Felix Salmon posts the latest idea in alleviating the burden of foreclosures through options for current owners to become renters:
What happens when you cross right-to-rent with mortgage principal reductions, and turn the whole thing into an entirely voluntary private-sector program with no government involvement whatsoever? It might look a little bit like American Homeowner Preservation, a for-profit company which has a very interesting idea for keeping people in their homes.
I was looking for something clever to post on Tax Day and found it courtesy of Diane Lim Rogers at EconomistMom:
For all the complaining you have done on your Senate campaign trail, and then your presidential campaign trail, and now even as President about how unaffordable and unfair and in general not very smart the Bush tax cuts were, why is it that the centerpiece of your–emphasis on your–tax policy thus far is the deficit-financed extension of the vast majority of these very same (not very smart) tax cuts?
I read the same Washington Post story on yesterday's release of the Monthly Treasury Statement as did Stan and Brad DeLong and thought it was one of the worst examples of journalism I've seen lately. No member of the Obama administration spoke on the record for the story. To report anonymous opinions as if they are news is to have The Washington Post lower, not raise, the quality of the discussion.
The proper report on the economic news is that the cumulative deficit since the start of the fiscal year is -- for the first time in the fiscal year -- lower than the corresponding number in the prior fiscal year. That this has finally happened in the sixth month of the fiscal year should indicate to all involved, whether David Cho as the author of the story or the anonymous administration officials, that this event cannot be claimed to be the start of a trend any more than it can be claimed to be another blip.
Zachary Goldfarb reports in today's Washington Post about the SEC's efforts to reform its enforcement image. There are plenty of examples given that illustrate how far the SEC has to go, and I am not going to argue that enforcement shouldn't be better and that securities fraud is okay.
But lax enforcement was not the SEC's main contribution to the financial crisis. The place where the SEC screwed up, and the revelation that should have shaken things up 18 months ago, was this event, reported by Stephen Labaton in The New York Times:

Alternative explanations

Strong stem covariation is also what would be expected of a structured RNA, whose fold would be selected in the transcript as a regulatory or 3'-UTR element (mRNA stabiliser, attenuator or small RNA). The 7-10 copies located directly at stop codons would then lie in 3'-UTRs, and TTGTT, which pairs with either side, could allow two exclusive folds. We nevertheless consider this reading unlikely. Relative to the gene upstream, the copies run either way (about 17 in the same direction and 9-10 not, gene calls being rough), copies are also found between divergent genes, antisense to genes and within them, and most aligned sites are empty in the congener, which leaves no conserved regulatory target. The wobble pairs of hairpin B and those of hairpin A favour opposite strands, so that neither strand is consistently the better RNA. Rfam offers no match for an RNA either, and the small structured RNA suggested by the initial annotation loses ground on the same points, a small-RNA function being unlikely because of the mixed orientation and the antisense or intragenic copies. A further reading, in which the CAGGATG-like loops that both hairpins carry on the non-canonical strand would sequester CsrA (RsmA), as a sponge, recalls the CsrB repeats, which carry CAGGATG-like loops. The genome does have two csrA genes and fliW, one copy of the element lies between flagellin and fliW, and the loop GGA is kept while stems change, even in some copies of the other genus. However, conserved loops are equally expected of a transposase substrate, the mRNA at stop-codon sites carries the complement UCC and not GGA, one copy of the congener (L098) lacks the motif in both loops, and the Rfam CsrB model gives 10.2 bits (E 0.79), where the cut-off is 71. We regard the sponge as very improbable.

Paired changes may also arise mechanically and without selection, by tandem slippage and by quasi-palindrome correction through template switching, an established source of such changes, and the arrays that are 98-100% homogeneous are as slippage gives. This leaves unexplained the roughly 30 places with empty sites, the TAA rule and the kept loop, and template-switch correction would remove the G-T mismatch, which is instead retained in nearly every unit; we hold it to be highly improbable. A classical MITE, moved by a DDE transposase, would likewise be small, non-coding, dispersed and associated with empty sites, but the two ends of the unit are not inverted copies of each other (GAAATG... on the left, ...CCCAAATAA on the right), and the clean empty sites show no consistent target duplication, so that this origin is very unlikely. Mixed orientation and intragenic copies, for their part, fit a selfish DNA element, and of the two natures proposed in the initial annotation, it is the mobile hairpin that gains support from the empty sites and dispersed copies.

Hot off the virtual press is the Employment Report for March. The key numbers are:
- Total nonfarm employment was up 162,000, with 48,000 accounted for by the hiring of temporary workers for Census 2010.
- Nonfarm employment growth in the prior two months was revised upward by a combined 62,000 jobs.
- Manufacturing employment was up 17,000, with 45,000 jobs added over the past three months.
- Temporary help services added 40,000 jobs over the month and over 300,000 jobs since September.
- Total unemployment stayed at 9.7 percent, with net job gains in the household survey offset by increases in the labor force.
- The composition of the unemployed shifted toward those unemployed for longer than 26 weeks.
I say that this report is good enough for now because this is what the labor market looks like when it starts to bottom out and slowly recover -- overall job growth turns small and positive, cyclically sensitive sectors like temporary help services grow more rapidly than most, and it is tough to make progress against the unemployment rate because the number of job seekers may go up in tandem with total employment. I was at CEA in 2003-4 as the labor market went through the bottom of its last cycle, and I am having a little deja vu.
States and localities across the country are wrestling with large, unfunded pension liabilities. This is a problem that has been building for quite a while. The "problem" with defined benefit pension plans is that the temptation to make the promise and not fund it is too great for plan sponsors to ignore. In yet another realm, there is going to be a reckoning, when state taxpayers now balk at the size of the pension promises they will be asked to honor. It wouldn't surprise me to see some of the worst offending states clamor for federal assistance -- that would be a bailout -- when the bills come due.
So it was encouraging to read this article in my local newspaper this week. New Hampshire is, at the very least, removing some of the worst incentives embedded in the design of its public pension formula:
Eleven months ago, I wrote a post with the same name as this one reflecting on why the Political Right's fortunes were sagging in the wake of Tedisco's win in the NY special election and Specter's defection. With health care reform now passed, I thought it worthwhile to revisit the idea I raised in the post:
[T]he Political Right has a problem in addressing policy issues in which people are fundamentally connected to each other. Leaving aside the recent challenges of the financial crisis, the big issues in domestic public policy are health care, education, and the environment. In each one, the choices that one group of people make affect the opportunities available to other people in a fundamental way -- beyond simply changing relative prices as people interact in free markets. The connections come in different ways for each of the issues, but they are always related to basic notions of fairness.